Lew Grade, owner of ITC (Incorporated Television Production Company).
Grade was looking for a series of television successes to rival
the monopoly of the BBC at the time. The productions of ITC were
geared not only to be successes in the British Isles but to make
money and fame abroad as well.
Smart had previously worked on a slew of scripts for various period-piece and classic hero stories such as "The Adventures of Robin Hood" (1955-60), "William Tell" (1958) and "Invisible Man" (1958). He was a qualified and competent screenwriter, nevertheless, "Danger Man" would be a departure from regular half-hour flicks - arguably, something not seen on television before or since.
The new responsibilities of being a series creator
and heading up a team were not taken lightly by Smart. One of
his most interesting acts was to get the lead actor involved
from an early stage. He found Patrick McGoohan after seeing the
30 year-old steal the spotlight in a nondescript ITV Play of
A team was assembled to produce a pilot, "View
from the Villa",
which included Brian Clemens, working alongside Smart to pen
the screenplay. Clemens' past writing-history was similar to
that of Smart's with credits including "The Invisible Man", "The
Vise" and "Dial 999". His career after "Danger
Man" took off, scripting the 1961 TV hit, "The Avengers", "Quiller" and
smart '70s spy-fi "The Professionals".
The series had a phenomenally small recurring cast. Aside from McGoohan, Richard Wattis would play Drake's superior in the first season and that was all. The rest of the cast come and go as various characters. The second season saw Peter Madden cast as Hobbs - he appears in a few episodes as M9 chief.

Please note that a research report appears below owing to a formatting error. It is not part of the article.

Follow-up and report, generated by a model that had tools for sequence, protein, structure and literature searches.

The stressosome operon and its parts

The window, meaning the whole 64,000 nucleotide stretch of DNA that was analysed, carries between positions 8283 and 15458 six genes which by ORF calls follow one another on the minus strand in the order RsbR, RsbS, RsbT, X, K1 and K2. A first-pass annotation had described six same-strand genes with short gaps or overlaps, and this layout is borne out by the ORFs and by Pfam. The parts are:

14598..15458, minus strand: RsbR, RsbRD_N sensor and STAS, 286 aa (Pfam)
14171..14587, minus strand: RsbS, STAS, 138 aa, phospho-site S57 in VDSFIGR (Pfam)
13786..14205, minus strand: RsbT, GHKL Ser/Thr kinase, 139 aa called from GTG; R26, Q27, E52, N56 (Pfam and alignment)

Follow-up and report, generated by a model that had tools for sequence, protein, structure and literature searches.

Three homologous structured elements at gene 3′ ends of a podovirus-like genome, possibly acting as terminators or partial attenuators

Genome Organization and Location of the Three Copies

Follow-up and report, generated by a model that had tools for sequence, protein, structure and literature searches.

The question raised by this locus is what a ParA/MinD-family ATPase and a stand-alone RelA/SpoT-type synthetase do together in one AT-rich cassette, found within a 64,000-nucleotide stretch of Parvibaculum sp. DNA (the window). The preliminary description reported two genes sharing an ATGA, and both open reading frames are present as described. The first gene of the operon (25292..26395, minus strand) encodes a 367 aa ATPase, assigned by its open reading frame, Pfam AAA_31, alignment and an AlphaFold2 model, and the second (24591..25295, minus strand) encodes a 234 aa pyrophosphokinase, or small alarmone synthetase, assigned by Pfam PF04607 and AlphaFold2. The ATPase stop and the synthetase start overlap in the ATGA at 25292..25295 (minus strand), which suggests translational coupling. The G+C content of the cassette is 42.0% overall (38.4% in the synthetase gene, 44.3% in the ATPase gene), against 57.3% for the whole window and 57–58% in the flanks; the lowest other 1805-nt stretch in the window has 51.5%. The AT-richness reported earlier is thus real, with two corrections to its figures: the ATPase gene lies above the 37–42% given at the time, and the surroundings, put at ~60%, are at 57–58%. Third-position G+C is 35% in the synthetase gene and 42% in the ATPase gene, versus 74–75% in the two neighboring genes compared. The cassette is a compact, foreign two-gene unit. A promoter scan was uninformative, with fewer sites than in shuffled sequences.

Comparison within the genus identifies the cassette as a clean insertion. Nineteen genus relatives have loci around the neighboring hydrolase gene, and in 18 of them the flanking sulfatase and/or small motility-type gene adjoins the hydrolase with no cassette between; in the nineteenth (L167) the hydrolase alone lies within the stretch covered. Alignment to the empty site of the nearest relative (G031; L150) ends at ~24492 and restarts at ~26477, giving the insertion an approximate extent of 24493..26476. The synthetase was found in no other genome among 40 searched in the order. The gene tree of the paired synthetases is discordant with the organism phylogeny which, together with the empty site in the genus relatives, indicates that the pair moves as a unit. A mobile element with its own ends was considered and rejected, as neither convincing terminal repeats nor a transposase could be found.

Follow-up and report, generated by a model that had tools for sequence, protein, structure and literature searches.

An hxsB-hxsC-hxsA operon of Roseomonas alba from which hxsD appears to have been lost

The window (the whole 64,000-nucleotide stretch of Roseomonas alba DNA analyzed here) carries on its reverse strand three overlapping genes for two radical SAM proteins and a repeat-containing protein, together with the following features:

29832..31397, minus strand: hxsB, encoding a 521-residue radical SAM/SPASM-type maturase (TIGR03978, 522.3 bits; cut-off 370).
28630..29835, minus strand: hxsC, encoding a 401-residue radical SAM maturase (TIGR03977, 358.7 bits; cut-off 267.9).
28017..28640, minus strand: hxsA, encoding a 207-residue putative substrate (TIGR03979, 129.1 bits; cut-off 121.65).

Above: McGoohan is rarely seen in colour, with only two episodes ever produced in the new format...
McGoohan had ideas about
the character and scripting of the pilot. One of his more
drastic requests for the filmmakers was that Drake never
found himself romantically involved on-screen. He also
requested throughout the course of the filming that they
remove any lasting traces of sadism from his character.
McGoohan wanted the character to be rough, capable but
likable and when he returned to the screen in '64, the
producers had just about made it.
The on-screen gadgetry featured in the series was indeed ahead of its time. James Bond would not meet this level of wizardry until 1963 and the memorable "From Russia With Love" attaché case. From the early days, Drake's surveillance equipment was state-of-the-art: cameras in tie-clips or lighters and shavers that recorded audio were early examples of the imagination of the screenwriters. It was not all fantasy either, McGoohan's on-screen antics reportedly spurred the sales of folding binoculars and underwater cameras - simple tools that many could get their hands on.
The first season ran to 39 episodes - a long
season for British drama - and scooped $2 million from the American
market in the process. However, this was not enough to keep the
production viable for the moment. After less than a year of screening, "Danger
Man" took a hiatus.
Whilst they were off the air the popularity
of the spy-fi genre began to gain pace. James Bond shocked the
world with big-budget successful outings, and in parallel "The
Avengers" was making its debut on British TV. "Danger
Man" was relicensed by several territories. All of this amounted
to the re-commissioning of "Danger Man" and the series'
return to the screen in 1964.
A few production team-members returned to the crew to work on the new series, including, Aida Young [associate producer], Brendan J. Stafford [cinematographer] and of course Ralph Smart. Smart and McGoohan made a further 47 episodes of the ultimately successful series, as well as what was intended to be a two-part colour episode. Before this had time to be fine tuned, McGoohan stepped down from the project (in order to work on "The Prisoner") and the colour episodes were strung together to make a made-for-TV movie, known as "Koroshi" (1966).
Beyond Bond Index